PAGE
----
Ok, it’s been more than a week, so it finally dawned on me. To state the obvious I had previously seen Mr. Radcliffe in ALL the HP movies. I’ve wanted to see him again in other movies, but most of them were either indie or only came out on Redbox/Netflix around the time they weren’t popular nor accessible for me. I still wanted to keep seeing him in films along with any other HP veteran since some like Rickman and Fiennes I had seen prior, if not during, the HP films’ releases. Of course I had to settle for Watson throughout the last decade and just one with Felton. Hell, Watson became like a cinematic shoulder to cry on by seeing her in Noah, Perks of Being a Wildflower, and even Little Women this year.
But back to Ratcliffe a funny thing came to mind when this movie was released. He had also starred in “Now you see me 2”, which my sister called ironic since he was dealing with magic. Of course I told her “Nah, that’s a coincidence. IRONIC would be if he shaved his head and played the bad guy”. But yeah, the trailer made it seem as though this was definitely a serious movie, let alone one that was a critical match to the HP films compared to other stuff that he had released to borderline lackluster reviews.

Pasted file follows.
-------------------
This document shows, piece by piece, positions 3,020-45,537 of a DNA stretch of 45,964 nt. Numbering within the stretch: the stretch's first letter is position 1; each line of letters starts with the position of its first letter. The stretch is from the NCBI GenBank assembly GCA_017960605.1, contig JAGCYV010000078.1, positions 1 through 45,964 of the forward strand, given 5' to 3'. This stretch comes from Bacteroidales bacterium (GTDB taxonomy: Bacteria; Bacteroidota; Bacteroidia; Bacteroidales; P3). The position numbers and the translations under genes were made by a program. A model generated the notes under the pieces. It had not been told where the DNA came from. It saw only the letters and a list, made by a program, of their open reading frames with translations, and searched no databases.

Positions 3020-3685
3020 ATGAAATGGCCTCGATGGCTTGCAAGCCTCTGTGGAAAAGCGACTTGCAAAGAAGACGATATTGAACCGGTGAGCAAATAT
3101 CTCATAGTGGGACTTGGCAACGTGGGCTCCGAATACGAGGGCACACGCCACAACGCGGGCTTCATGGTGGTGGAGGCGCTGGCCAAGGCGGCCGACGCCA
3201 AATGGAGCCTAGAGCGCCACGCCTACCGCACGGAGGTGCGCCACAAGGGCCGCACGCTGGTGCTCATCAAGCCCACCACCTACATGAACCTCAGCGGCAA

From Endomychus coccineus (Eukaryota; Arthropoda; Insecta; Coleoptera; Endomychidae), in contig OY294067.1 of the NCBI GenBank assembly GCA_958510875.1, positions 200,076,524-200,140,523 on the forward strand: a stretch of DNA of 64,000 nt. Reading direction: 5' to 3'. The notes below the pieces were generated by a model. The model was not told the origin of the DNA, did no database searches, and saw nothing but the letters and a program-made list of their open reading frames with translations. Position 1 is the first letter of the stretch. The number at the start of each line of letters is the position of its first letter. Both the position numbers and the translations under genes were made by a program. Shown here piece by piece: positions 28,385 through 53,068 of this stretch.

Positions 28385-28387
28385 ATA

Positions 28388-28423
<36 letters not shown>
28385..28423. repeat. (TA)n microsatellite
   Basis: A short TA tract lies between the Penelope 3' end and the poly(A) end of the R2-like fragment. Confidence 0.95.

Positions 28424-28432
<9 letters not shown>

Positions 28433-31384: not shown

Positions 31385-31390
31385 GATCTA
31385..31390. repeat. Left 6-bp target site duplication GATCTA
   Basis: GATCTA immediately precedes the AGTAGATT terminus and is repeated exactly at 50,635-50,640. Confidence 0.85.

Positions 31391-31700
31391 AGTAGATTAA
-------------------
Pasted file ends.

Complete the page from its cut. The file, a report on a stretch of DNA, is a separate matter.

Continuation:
So HOW do I describe this movie? It’s like I mentioned previously: Think “The Hurt Locker” but take out every reason for its R Rating EXCEPT the language (and the coincidence… or irony, of Ralph Fiennes’ presence). Not only is it tense but also exhilarating and suspenseful. It wasn’t exactly comfortable, though, as I kept on pausing it despite the simple fact Mr. Radcliffe’s character was only pretending to be a Neonazi. To put it in perspective he was only doing his job when he said “shut the fuck up, nigger!” To a guy he knew yet was on the verge of blowing his cover.
Overall it’s a good movie if not one for the faint of heart. It just really made me think about how much had changed since I was used to seeing him in ONLY movies for a franchise, let alone ones that weren’t based on true events. I can’t say I recommend it for everyone unless you don’t mind films about radical racism hiding in plain sight in America. I myself had trouble watching it because I kept thinking to myself how these were real human beings that Toni Collette’s character told Ratcliffe’s to relate with on an actual human level, even if they were beyond changing mPost too long. Click here to view the full text.